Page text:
Mets fans can strike Joe Girardi off their wish list. News is out that Girardi has taken the offer from the Phillies to be their new manager. It’s easy to understand Girardi’s allure to many. He has a Manager of the Year Award and a World Series title on his resume and a lifetime .554 winning percentage. Additionally, one of his strengths is running a bullpen, something the Mets haven’t seen from their skipper in many a year.
But despite this, it never seemed Girardi was a priority for Brodie Van Wagenen. Sure, he gave him an interview, which is more than he did for Dusty Baker or Buck Showalter, but it seemed more of a courtesy than anything else. We don’t have any idea what happened in the interview or why there wasn’t more interest from the Mets to hire Girardi. All we can do is try for informed speculation. And the best guess is that Girardi wanted more control than Van Wagenen wanted him to have.
We all want to win and we all think we know the best way to accomplish that goal. The problem comes when you become convinced that there’s only one way to win and that you’re the only person on the planet that knows the answer. For me, my preference is to build around pitching and the three-run homer. If you gave me the choice of any manager in history, we’d have 1970 Earl Weaver in the dugout.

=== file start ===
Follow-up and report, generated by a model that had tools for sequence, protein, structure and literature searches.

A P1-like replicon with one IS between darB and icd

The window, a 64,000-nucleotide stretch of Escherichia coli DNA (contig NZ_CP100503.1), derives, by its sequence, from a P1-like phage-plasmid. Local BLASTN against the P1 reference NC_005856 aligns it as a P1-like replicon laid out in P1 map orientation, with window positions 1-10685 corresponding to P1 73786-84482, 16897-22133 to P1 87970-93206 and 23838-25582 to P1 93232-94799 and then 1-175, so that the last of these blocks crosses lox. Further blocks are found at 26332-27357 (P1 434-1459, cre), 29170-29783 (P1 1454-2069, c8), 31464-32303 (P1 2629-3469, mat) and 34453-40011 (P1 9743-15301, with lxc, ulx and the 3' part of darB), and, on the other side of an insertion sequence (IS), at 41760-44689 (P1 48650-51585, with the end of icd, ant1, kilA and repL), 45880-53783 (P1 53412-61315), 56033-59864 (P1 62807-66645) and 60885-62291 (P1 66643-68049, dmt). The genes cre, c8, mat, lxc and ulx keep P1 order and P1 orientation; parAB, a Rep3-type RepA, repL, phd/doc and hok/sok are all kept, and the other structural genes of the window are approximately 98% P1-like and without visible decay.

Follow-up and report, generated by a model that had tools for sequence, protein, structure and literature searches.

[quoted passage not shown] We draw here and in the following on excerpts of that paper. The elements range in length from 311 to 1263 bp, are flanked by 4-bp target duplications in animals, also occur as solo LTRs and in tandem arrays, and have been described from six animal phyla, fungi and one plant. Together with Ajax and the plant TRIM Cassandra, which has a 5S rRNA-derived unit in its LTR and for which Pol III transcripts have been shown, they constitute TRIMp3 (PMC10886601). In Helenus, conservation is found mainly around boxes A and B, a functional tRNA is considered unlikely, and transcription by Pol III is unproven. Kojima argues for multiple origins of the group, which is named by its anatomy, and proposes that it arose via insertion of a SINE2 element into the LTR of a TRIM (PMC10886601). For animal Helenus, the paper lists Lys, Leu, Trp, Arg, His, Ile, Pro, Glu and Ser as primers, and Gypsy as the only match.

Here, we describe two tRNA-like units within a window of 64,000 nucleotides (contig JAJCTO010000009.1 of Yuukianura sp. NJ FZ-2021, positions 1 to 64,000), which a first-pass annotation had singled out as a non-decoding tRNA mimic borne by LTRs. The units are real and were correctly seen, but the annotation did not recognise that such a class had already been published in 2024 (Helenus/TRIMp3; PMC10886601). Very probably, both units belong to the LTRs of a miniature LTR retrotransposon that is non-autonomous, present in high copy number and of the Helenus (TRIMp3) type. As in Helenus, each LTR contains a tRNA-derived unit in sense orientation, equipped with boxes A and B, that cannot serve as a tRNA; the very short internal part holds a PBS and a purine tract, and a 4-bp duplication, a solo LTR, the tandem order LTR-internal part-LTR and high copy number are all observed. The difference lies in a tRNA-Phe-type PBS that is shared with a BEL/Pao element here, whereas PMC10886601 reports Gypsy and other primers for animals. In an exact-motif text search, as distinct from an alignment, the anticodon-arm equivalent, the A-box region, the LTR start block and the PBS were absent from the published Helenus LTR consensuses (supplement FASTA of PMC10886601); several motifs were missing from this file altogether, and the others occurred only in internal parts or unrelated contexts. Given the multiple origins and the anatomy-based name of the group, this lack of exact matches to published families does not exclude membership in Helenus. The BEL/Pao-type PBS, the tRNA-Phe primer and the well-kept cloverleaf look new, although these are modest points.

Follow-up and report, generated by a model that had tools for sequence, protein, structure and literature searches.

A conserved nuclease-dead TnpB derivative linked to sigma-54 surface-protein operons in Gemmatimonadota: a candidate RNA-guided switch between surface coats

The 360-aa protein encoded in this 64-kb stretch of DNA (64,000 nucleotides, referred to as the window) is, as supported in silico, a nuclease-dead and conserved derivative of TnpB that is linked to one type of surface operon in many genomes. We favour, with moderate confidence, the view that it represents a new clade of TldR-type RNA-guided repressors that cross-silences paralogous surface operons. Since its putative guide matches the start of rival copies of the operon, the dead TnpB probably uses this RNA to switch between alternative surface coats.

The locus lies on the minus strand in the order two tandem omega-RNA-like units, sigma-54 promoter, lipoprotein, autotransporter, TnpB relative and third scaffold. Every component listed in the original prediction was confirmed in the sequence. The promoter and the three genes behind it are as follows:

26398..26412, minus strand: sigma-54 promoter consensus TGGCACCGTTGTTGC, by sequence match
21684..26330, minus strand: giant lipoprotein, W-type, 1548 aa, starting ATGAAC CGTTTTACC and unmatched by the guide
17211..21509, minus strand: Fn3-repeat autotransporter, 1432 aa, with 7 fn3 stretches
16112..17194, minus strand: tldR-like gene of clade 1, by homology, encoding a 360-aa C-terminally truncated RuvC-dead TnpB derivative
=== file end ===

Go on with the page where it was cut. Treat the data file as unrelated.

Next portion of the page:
But if we had 1982 Whitey Herzog instead, that would be pretty awesome, too. Herzog’s ’82 Cardinals finished last in the league in homers. But they won, anyway. And what’s more important – winning or winning the by the way you deem best?
One of the most frustrating players for me to watch was Ike Davis. My perception of Davis is that he was more interested in doing things his way than doing things that worked. Note the word perception. That’s my view from the TV set. Reality could be a completely different beast. But to support my perception, recall his insistence on swinging at every pitch once the count got to 0-2. Or his refusal to slide on close plays on the basepaths. Or his indifference to fielding balls that he thought were foul. Or his abandoning his stance that helped him to hit 32 HR.
Davis got off to a terrible start in 2012, sporting a .501 OPS after the game on June 5. But Davis and Dave Hudgens put a ton of work in to revamp his swing. The end result was a guy who put up a .906 OPS in the final 103 games of the season. And he did this with a batting stance that could be best described as looking like a bear getting ready to take a dump. It looked ridiculous but the results were tremendous.
Flash forward to 2013. Davis discarded what worked the previous season and had a miserable year. Why he felt the need to abandon what had been so successful drove me insane. Who cares if you look like a goof if you’re putting up All-Star numbers?
My perception of the Mets’ managerial hiring process is that Van Wagenen is pulling a Davis. He’s more interested in doing it his way than doing it a successful way. Was Girardi the slam dunk candidate out there? In a season where Baker, Showalter and Joe Maddon were all available, it’s hard to say that was the case.